Chicago Sun-Times
Tuning in with Thomas Conner

Burning down the (Civic Opera) house

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The stage at the Civic Opera House on Sunday was a blur of rhythmic motion, with four musicians, three backing vocalists, three dancers and, of course, the reason for the sold-out crowd: venerated art-rocker David Byrne.

Byrne's collaborator on the recent album "Everything That Happens Will Happen Today"--as well as on the 1981 release "My Life in the Bush of Ghosts" and the three most wildly inventive albums by his old band, the Talking Heads--was nowhere in evidence among all of those white-clad bodies gyrating on the stark black stage.

Nevertheless, the influence of Brian Eno loomed large on nearly every note throughout the generous evening, both in the obvious way that the producer first inspired Byrne to explore and incorporate fluid African polyrhythms on the albums "More Songs About Buildings and Food" (1978), "Fear of Music" (1979) and "Remain in Light" (1980), and in a harder to pin down sense of oblique melody that the two honed as collaborating songwriters.

To be sure, it was largely a night about rhythm, and not even the staid and not at all dance-friendly setting of the opera house could dampen the crowd's ecstatic response to vintage Eno/African-era Talking Heads anthems such as "Crosseyed and Painless," "Life During Wartime" and "Once in A Lifetime."

But just as effective were the layered harmonies of new songs such as "The River," One Fine Day" and "Life Is Long," which may have been more subtle and mid-tempo rhythmically, but which were deep and rich with moving vocal and guitar melodies. And, at a white-haired 56 years old, the night's star never sounded stronger vocally, approaching a sort of gospel grandeur on the new Byrne and Eno songs.

The musician also played more impressive electric guitar than he has in quite some time, churning out some entrancing e-bow drones in "Never Thought" and unleashing a particularly fiery solo in "Houses in Motion," accompanied by his typically stiff-limbed and pseudo-spastic take on Chuck Berry's famous duck walk.

The latter was one more piece of evidence during a night that was full of them indicating that not only is Byrne back at the top of his game, thanks in part to the M.I.A. Eno, but he seems to be having more fun than he has in years.

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Fantastic show tonight! Byrne really was at the top of his game; fabulous voice, great guitar. Great audience too. If you can catch this guy live, do it. He's verging on American treasure territory.

To the Music critics of the world.
I'd like to relate an incident I experienced while attending the David Byrne concert last night (10/26) at the Chicago Civic Opera House.
I am not sure of the vocation of the gentleman that was sitting next to my date and I, but I can tell you that his appreciation for the music being played was not as apparent, or as strong as his need was, to take notes on his note pad which was illuminated by the constant glow of his smartphone/PDA.
I can immediately jump to the conclusion that he was a music critic. Whether employed by a reputable newspaper or magazine did not excuse his abhorrent behavior. He was distracting to our musical experience for nearly two thirds of the concert.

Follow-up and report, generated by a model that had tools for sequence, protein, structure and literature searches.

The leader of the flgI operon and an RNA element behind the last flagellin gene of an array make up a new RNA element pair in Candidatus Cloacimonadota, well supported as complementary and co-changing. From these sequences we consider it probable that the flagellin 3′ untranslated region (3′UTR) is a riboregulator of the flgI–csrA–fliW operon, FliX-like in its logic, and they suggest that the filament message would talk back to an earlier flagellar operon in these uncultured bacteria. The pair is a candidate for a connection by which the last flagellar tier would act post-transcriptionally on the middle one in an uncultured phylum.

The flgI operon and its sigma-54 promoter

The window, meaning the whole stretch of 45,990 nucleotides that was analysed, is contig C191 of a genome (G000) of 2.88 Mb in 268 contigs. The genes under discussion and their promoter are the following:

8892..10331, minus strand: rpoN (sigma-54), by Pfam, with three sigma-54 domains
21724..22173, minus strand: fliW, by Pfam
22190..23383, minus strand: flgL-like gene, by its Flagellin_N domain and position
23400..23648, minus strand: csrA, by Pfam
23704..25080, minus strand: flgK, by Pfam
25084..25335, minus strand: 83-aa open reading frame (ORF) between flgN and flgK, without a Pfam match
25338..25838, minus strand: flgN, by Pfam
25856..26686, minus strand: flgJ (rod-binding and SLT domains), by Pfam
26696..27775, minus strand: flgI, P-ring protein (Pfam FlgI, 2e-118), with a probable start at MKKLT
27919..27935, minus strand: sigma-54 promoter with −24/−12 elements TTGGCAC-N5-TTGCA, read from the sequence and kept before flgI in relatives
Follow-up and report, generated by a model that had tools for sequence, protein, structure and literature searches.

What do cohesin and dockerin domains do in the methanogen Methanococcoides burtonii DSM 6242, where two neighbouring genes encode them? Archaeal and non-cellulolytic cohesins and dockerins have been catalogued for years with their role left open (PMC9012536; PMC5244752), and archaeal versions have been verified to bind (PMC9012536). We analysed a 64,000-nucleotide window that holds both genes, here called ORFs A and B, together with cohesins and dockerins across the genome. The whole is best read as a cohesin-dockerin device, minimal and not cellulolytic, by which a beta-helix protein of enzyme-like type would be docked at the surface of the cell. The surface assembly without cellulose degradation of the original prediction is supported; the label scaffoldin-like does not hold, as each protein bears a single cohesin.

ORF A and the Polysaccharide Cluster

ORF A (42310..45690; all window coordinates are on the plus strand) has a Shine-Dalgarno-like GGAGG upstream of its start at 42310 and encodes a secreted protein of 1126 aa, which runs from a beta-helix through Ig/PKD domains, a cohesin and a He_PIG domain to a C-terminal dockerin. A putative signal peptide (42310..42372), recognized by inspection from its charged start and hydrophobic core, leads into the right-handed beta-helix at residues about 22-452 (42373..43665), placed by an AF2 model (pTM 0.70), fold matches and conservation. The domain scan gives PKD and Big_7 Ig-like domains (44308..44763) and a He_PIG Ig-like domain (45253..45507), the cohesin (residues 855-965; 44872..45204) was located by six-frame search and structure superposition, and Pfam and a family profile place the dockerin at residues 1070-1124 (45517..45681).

I am not about to openly allude to whom I thought he was, although I could easily by his physical similarity to known critics whose pictures are available on line. I may be wrong to his identity. He may be one of the many self published musical critics available throughout the internet. Regardless, his behavior was inexcusable.
I have a question to the professional music critics to whom I am sending a copy of this email.
How did the critics in the past write their critiques without the assist of our new slew of electronic devices?
Did they have the decency to experience the concert, whether it was personally enjoyed or not, and write about it afterward instead of during?
I am just curious.
BTW our seats were main floor LC row FF #14 and #16.
I paid hard earned cash for the opportunity, in my humble opinion, to experience a true musical genius perform in one of Chicago's most prestigious venues and this incident lessened our evening!

Byrne continues to produce cutting edge work, while managing to remain relevant/timeless. Last night was indeed an "ecstatic" experience. Bravo.

Yeah kinda harsh Bill. A variety of behavior at shows can be considered distracting, and its usually most disturbing when its out of context of the show. I think most music lovers would give Jim a wide birth in regards to this. And no, I've never sat next to a journalist who was preparing his column during the show, and i cant speak to how distracting it may have been, I wont say that all journalists who do such activity have always made sure to think of everybody else around them. But throughout his career, Jim has fought to protect the interest of fans, and I have no doubt that he would have been sensitive to your feelings had you said something. I think that journalists like Jim who have devoted their lives to the music they cover deserve the benefit of the doubt, and I hope that the other people who sat around Jim felt the same way.

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This page contains a single entry by Jim DeRogatis published on October 26, 2008 10:28 PM.

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